Climate change may subtly shift Tornado Alley
While scientists prowl the Plains in search of monster storms, others are looking at broader-scale trends that show tantalizing clues about how Tornado Alley may be shifting both geographically and temporally as the climate changes.
Why it matters: The U.S. has the greatest number of tornadoes of any nation on Earth, and where they occur affects emergency management preparations, insurance markets and individual decisions on whether to build a storm shelter. If, as global warming continues, Tornado Alley migrates, or outbreaks become more massive, this would shift the risk distribution.
Details: According to Harold Brooks, a senior researcher at the National Severe Storms Laboratory in Oklahoma, the overall number of tornadoes of EF-1 intensity or greater touching down in the U.S. each year has not changed in a statistically significant way, averaging around 500.
- However, his research and that of others has shown an increase in tornado risk in parts of the mid-South and a slight decrease in what is more traditionally considered Tornado Alley in the Plains.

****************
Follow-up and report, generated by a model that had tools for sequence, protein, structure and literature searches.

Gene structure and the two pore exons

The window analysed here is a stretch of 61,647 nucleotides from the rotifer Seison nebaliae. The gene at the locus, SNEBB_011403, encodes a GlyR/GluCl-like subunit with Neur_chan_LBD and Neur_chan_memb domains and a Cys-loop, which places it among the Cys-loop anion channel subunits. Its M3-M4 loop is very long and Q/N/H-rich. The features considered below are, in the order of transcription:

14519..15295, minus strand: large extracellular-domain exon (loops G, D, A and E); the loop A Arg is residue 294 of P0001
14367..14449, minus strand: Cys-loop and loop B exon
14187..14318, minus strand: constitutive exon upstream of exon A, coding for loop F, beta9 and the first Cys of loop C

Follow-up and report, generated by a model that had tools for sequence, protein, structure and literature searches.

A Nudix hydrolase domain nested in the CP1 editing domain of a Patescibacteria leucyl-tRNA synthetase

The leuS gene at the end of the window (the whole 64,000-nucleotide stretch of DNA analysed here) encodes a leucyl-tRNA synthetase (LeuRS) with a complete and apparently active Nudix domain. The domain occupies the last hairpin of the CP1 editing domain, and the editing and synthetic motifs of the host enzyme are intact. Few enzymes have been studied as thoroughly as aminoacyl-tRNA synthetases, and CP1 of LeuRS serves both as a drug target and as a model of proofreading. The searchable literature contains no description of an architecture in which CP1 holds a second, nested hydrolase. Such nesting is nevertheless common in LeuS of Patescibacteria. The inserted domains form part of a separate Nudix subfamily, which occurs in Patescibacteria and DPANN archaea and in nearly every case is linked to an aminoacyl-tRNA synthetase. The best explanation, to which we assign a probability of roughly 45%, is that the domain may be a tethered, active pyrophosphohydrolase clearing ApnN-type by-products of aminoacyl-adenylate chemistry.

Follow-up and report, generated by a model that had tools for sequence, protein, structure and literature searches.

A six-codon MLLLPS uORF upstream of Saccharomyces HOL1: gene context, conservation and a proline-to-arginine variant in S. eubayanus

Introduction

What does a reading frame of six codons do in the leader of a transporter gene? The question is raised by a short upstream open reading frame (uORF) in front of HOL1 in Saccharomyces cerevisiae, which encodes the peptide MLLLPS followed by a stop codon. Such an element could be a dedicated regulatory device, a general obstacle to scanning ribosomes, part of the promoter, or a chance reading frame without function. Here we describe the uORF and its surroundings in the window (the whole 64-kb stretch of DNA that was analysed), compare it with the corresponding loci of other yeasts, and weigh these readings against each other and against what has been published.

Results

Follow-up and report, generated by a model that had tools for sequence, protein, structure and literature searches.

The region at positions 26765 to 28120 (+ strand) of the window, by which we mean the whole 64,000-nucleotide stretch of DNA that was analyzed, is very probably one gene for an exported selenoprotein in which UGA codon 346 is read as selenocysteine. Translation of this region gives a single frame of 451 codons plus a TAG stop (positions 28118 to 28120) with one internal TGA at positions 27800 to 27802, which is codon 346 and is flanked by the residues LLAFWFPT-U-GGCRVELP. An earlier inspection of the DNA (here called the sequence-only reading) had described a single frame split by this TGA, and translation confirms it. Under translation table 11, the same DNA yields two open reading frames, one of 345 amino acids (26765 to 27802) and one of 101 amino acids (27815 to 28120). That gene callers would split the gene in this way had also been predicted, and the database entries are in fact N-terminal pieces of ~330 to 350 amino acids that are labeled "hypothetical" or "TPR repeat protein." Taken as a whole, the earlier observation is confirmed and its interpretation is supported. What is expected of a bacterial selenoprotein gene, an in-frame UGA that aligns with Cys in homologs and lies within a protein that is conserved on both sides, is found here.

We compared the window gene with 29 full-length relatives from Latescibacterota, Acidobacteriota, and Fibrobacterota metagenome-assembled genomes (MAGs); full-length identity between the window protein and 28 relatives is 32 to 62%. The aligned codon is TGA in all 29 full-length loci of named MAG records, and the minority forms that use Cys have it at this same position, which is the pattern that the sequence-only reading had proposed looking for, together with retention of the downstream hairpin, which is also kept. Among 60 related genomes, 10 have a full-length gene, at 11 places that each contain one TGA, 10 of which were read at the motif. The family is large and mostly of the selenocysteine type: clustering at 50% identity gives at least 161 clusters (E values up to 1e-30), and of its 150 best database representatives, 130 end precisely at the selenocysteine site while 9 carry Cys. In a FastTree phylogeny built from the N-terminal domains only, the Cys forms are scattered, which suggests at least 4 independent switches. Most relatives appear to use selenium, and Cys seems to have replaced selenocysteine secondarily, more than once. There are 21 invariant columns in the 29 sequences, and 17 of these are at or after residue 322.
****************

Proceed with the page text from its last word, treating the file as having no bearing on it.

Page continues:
- A 2018 study showed regional shifts in tornado frequency, with an uptick in tornadoes east of the Mississippi River and a slight decline to the west.
Between the lines: Some of the emerging trends are seemingly contradictory. Tornadoes are occurring on fewer days per year, but major tornado outbreaks are spawning more EF-1 or greater twisters than used to occur in a typical large event.
A warming climate does opposing things to supercell thunderstorms.
- It provides more energy in the form of higher air temperatures and greater amounts of water vapor in the atmosphere, a combo meteorologists refer to as convective available potential energy.
- But it also may reduce the availability of wind shear, which is another crucial ingredient for tornadoes.
- In a warming world, there may be fewer days with both ingredients present to produce tornadoes, but when these ingredients do combine ... watch out.
What they're saying: Brooks says it's not yet known what physical mechanism is causing the big tornado days to get bigger, while fewer days with a small number of tornadoes occur. Nor is there a clear cause for the spike in activity in the mid-South.
- "That’s a big question that I would love to know the answer to," he said, noting that research is underway to find out.